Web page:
WIPO Index of Patent Systems

A very useful resource on the WIPO website is the WIPO Index of Patent Systems. While ostensibly “a tool to help users of patent statistics to understand the impact of differences between patent systems on the interpretation of patent statistics,” it could be of enormous practical value to business.

The laws of 41 countries are analysed and compared. Sadly, the UK, France, China and India are missing list but the European Patent Office is there as are the USA, Japan, Germany and South Korea and even Monaco and Libya. It should not be forgotten that the countries with the second and third highest rates of growth in PCT applications between 2003 and 2004 were from Korea and Japan respectively surpassed only by the Peoples’ Republic of China (see Press Release PR/403/2005 “RECORD NUMBER OF INTERNATIONAL PATENT FILINGS IN 2004” 9 March 2005). In his talk to the UDRP panellists in October 2005, Dr Francis Gurry (who combines his role as head of the Arbitration and Mediation Centre with responsibility for the PCT) observed that if this growth continues, it will not be long before the bulk of the world’s technical literature will be in a North Asian language.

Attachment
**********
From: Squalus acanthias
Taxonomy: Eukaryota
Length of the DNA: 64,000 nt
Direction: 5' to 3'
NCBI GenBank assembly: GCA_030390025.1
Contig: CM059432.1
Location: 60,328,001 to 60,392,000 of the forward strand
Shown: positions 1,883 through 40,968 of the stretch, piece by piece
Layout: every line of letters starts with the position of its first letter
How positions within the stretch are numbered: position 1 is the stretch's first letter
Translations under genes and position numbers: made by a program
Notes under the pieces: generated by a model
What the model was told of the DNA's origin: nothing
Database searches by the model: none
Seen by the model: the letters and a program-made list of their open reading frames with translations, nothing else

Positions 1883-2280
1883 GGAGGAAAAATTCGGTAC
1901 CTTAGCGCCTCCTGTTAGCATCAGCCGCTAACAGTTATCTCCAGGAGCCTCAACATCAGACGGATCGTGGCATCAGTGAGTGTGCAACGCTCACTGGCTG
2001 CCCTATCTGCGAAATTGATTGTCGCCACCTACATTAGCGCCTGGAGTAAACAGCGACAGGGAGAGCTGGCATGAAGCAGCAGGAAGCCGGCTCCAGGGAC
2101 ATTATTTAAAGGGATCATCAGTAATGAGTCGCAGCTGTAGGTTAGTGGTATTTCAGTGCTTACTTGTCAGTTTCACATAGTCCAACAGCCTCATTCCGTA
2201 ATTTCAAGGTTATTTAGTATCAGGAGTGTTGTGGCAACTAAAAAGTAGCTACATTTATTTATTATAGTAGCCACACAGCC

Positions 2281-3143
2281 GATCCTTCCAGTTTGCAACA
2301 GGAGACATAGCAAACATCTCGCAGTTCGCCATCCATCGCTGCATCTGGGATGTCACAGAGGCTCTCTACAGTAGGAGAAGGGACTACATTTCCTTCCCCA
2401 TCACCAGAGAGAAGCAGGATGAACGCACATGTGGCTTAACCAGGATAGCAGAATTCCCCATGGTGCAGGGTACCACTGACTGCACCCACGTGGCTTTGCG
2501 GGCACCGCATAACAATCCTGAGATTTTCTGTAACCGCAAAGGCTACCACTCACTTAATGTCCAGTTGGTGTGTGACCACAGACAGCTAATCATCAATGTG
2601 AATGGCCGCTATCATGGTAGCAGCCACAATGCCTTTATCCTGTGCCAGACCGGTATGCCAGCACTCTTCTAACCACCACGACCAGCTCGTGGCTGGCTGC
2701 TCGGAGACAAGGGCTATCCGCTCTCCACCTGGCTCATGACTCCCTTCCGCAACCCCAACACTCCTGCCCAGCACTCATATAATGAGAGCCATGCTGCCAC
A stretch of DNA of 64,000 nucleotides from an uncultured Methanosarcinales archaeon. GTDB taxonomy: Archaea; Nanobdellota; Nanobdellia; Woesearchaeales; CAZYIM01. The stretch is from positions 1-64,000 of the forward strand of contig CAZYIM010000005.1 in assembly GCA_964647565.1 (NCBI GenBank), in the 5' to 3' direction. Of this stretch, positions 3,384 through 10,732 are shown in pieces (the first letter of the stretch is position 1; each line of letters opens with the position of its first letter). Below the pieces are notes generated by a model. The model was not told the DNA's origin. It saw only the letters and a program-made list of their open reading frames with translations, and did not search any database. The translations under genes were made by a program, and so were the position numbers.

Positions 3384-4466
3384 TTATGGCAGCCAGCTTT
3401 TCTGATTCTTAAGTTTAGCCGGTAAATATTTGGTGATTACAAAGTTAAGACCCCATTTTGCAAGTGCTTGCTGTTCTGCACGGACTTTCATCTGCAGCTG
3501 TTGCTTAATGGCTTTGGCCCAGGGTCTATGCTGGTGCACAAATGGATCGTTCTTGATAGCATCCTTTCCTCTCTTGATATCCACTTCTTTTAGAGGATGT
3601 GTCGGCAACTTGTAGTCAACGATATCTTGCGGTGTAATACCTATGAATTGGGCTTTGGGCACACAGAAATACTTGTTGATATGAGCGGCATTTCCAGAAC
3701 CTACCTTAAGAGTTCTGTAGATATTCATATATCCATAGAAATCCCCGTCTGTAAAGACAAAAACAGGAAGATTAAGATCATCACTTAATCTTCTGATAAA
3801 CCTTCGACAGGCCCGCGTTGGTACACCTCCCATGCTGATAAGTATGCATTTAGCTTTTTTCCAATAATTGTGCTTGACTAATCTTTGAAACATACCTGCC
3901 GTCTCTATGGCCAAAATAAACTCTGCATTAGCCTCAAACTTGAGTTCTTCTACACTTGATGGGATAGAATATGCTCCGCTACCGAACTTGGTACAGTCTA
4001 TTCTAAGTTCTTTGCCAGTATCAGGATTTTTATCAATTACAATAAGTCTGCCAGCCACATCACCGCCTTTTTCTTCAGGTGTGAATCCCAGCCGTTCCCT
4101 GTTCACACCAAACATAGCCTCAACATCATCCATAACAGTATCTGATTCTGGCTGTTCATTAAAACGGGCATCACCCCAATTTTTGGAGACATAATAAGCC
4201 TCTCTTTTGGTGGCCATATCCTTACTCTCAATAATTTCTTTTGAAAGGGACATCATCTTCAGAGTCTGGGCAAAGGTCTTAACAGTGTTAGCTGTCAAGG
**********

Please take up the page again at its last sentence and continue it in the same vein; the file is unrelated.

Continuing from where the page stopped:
Returning to the index, each national analysis consists of a table headed “Features”, “Status” and “Changes in the Law Since 1990”. The items in the “Features” column include “Types of protection for inventions”, “Term of protection”, “Subject matters excluded from patentability or not considered to be inventions” and so on.

Information about the UK, however, is available from various sources. For instance, I dug up the “Filing Statistics” for all patents, trade marks and designs for 2001 and 2002 from the Patent Office website which appears to have been last updated on 2 March 2005.


About Jane Lambert

I am a barrister specializing in intellectual property, technology, media and entertainment and competition law. I specialize in helping SME (small and medium enterprises) protect and exploit their investment in brands, design, technology and the arts. SME require intellectual property (legal protection for their intellectual assets) at least as much as big business but their limited means restrict the way they can use it. Looking after such clients wisely requires skills and knowledge which have taken me years to learn.
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